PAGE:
How to Password Protect an Excel File

This is a step by step guide on how to password protect an Excel file. Apart from setting password for the whole workbook, we will also walk through how to restrict access (with or without password) for specific worksheets and even specific cells. First it is important to distinguish the difference. With setting a password on the entire workbook, no one will be able to open the file again unless a password is entered. No one will even be able to see the content. With Protect Sheet, content can still be viewed but user will not be able to make any changes to the data unless the worksheet is unprotected again.

Password Protect the Entire Excel File

It sounds obvious but remember that when we add a password to the entire Excel file, the next time we open the file we will be asked to enter the password before being able to see any content in the workbook. Make sure you remember this password or you have it saved somewhere. To add a password to the entire file:

  1. Click on File
  2. Select on Info
  3. Select Protect Workbook > Encrypt with Password:

  4. We will then be asked to enter the same password twice

The next time we want to open the file, we will be prompted to enter password before we can open the file:


How to Deactivate Encryption

We cannot deactivate the encryption until we open the file. This of course means we must enter the password first. Once the file is open:

  1. Go to File
  2. Click on Info
  3. Select Protect Workbook > Encrypt with Password:

  4. Clear the existing password in the field
  5. Click Ok.
Note: And because this means anyone can remove a password once the workbook is open, if the Excel file is highly confidential, we recommend you to check the encryption every time you close a file to make sure it is still password protected.

Protect Sheet in Excel

Protecting worksheet is another built-in feature in Excel. We can prevent people from making any changes to the entire worksheet or to specific cells in a worksheet. Others are essentially given read-only access. This may not necessarily be for security reasons but simply because there are many data and formulas in the worksheet we don’t want others to accidentally make changes to. For this reason you should consider whether it is necessary to add a password. After all adding a password only means we will now have another password we need to remember.

To protect our sheet:

  1. Go to the Review tab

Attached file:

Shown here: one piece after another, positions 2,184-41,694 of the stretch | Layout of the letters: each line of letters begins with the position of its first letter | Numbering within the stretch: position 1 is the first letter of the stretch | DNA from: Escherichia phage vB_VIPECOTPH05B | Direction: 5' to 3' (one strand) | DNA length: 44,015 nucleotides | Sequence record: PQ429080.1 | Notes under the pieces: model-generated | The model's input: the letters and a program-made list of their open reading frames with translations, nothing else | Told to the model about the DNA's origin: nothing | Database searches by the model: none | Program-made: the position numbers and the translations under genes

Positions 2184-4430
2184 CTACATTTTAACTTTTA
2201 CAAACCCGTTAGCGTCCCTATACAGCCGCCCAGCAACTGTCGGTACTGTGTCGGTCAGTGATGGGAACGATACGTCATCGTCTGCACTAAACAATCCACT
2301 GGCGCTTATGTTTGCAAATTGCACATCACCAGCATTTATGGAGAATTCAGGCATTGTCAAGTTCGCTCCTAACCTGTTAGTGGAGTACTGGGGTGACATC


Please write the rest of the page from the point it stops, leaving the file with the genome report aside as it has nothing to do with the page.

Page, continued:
2. Click on Protect Sheet:

  3. We can now enter a password if we wish. However we can also leave it blank. Underneath the password, we can choose what we still want to allow users to do after worksheet is protected. By default the following will be selected. This means users will still be allowed to select cells (hence can copy content) even after worksheet is protected.

  4. Click OK

With the above settings, we can select cells in the worksheet. But if we double-click or try to enter any content, we will receive the follow message:


How to Unlock Specific Cells

We also have the option to only lock certain cells in a worksheet. This is particularly useful when we have formulas in the worksheet but we also require users to enter data.

Before protecting the sheet:

  1. Select the cells we want to allow users to edit
  2. Right-Click and select Format-Cells. Alternatively press Ctrl + 1
  3. In the Protection tab, deselect the Locked tickbox:

  4. Click OK
  5. Protect Sheet by clicking on Review tab at the top > Protect Sheet > Click OK

In the example below, we’ve “unlocked” the highlighted columns and hence we can enter data. However when we try to enter data into any other cell, we will receive an error message:


As we can see with the image above, almost everything at the top is greyed out. Even with the unlocked cells, we can only enter data. We cannot do any formatting (e.g. changing font, merging cells or insert rows/columns). Here’s something we can do to change that and it really all depends on how much access we want users to have:

When we click on Protect Sheet, we can have the following selected and deselected:


As we can see above, with these settings we are allowing users to select unlocked cells and format cells. And image below shows the results – users will have the option to format unlocked cells. Note that because the “Format cells” box is ticked, users can technically format any cells in the worksheet. However because the “Select locked cells” is not ticked, users cannot even select the locked cells hence they are not able to format/edit locked cells. Please also keep in mind because users cannot select locked cells, they will not be any to copy any content. As you can imagine, there are different variations available for us depending on our specific needs.


How to Unprotect Sheet

Unprotecting Sheet is simple:

  1. Go to Review tab
  2. Select Unprotect Sheet – if a password was added when worksheet was protected, we will need to enter password to unprotect the sheet.

Protect Workbook – Ability to Insert/Delete/Hide/Unhide Worksheets

Aside from encrypting the entire Excel file and protecting a particular worksheet, we can also “protect workbook”. And this means not allowing users to insert, delete, rename, hide, move/copy or unhide worksheets. Similar to protecting sheet, we have the option to add a password or to protect without a password.

  1. Go to Review tab
  2. Select Protect Workbook
  3. Click OK – with protecting workbook, we do not have many options on the settings. We can choose to enter a password but it is optional

Once workbook structure is protected, usual functions we can do with a worksheet will be greyed out:


Harvey M

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